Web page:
Arts

'Quest For Pure Land' at
Empire Seven Studios

In the new Empire Seven exhibit, 'Quest For Pure Land,' graffiti artists
Chip7 and Bigfoot contemplate the wider world.
Quest For Pure Land GET OUTSIDE: In the new Empire Seven exhibit, 'Quest For Pure Land,' graffiti artists Chip7 and Bigfoot contemplate the wider world.

Empire Seven's newest show, "Quest For Pure Land," continues the gallery's current trend of environmentally conscious openings, this time with help from veteran graffiti writer and artist Chip7, and skate and street art legend, Bigfoot.

The individual styles of these artists—both of whom prefer to remain anonymous, as they continue to paint illegally—mesh well, perhaps because they both came up together in the New Jersey graffiti scene. They shared mutual friends and would hang out with one another on occasion, according to Bigfoot.

Chip7's graffiti roots are more than evident in his neon-palette and organic cyborg aesthetic. His pieces—mostly re-imaginings of pop culture figures—are a mixture of fine, colorful detailing and purposefully sloppy supplementation. Using paint, pen, screen printing and pieces of adhered paper, Chip7's collage-like work has both the endless complexity of futurism and the warmth of Southeast Asian native art.

Bigfoot has more than 30 pieces on display in the show. He explores everything from expressionist portraits to scenes of geopolitical unrest, environmental destruction and homages to old cartoons, such as Yogi Bear. All of his work features the same Sasquatch-like character—an icon in the world of street art and skateboard design.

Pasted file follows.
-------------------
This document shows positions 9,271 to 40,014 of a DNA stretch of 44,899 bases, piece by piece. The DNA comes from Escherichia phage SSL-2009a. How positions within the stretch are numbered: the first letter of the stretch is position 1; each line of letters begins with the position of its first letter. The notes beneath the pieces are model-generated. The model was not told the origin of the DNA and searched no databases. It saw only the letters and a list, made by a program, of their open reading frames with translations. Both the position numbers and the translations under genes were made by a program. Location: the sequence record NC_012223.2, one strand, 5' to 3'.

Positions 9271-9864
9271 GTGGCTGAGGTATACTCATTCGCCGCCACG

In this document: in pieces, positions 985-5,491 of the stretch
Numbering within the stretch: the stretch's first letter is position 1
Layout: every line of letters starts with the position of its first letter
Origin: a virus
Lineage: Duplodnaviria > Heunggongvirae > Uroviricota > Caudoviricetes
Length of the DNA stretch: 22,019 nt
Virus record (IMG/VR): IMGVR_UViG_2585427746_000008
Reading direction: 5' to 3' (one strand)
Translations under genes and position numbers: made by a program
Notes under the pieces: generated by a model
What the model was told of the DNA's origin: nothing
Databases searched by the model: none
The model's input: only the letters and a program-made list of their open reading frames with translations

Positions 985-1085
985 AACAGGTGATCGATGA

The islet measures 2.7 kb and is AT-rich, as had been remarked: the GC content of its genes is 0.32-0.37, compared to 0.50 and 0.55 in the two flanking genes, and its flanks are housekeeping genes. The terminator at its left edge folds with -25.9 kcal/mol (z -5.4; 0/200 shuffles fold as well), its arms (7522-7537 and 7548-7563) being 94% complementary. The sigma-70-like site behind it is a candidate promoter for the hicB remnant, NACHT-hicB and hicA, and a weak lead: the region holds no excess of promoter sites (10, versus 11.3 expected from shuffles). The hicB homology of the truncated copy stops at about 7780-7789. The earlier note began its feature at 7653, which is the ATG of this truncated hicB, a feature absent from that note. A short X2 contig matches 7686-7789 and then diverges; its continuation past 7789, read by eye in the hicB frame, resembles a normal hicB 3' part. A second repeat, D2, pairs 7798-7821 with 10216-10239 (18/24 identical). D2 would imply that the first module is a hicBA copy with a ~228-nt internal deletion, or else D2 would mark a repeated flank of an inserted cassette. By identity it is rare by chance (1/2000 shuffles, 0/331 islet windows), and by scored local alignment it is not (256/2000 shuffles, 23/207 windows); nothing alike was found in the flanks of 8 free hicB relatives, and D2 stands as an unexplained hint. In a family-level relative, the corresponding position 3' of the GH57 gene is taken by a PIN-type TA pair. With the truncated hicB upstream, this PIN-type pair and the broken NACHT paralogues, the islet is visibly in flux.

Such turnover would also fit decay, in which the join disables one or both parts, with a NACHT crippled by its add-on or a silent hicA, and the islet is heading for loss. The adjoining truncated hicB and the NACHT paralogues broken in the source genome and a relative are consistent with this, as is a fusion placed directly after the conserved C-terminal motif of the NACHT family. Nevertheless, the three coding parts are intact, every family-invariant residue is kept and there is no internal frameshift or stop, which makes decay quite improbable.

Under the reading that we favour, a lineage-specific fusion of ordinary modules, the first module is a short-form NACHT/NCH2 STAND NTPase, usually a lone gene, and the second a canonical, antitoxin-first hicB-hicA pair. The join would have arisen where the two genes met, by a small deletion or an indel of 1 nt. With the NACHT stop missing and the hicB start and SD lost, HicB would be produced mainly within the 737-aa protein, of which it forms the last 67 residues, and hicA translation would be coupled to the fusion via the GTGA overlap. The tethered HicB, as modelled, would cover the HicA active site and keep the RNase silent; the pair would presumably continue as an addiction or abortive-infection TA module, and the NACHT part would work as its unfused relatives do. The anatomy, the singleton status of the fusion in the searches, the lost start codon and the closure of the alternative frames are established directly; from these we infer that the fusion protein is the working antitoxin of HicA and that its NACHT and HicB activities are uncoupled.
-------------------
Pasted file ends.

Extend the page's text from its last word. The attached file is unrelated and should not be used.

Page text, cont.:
The majority of Bigfoot's pieces are woodcuts, many of which are in irregular shapes, including one multi-layered painted sculpture. This use of wood is in part a reaction to the demands of framing. "I hate framers," Bigfoot laughs.

One of the most compelling pieces in the show is a scene in which Bigfoot faces off against Mickey Mouse. It brilliantly juxtaposes the iconic Disney character's black-and-white with Bigfoot's signature green.

While most of Bigfoot's work in "Quest for Pure Land" is politically themed, it's also remarkably playful—even when the subject is deforestation and capitalism.

After more than a decade of changes, Bigfoot seems more engaged and confident with his trademark character than ever before. And it certainly is popular. These days, Bigfoot appears on skateboards, T-shirts—even as a toy.

Overall, "Quest for Pure Land" is a colorful, certainly ironic look at the destruction of nature. While heavy political themes can wear on the aesthetic enjoyment of art, both Bigfoot and Chip7 keep it fun and bring a vibrancy, boldness and sly humor to a serious issue.

Quest for Pure Land

Thru Aug 25, Free

Empire Seven Studios


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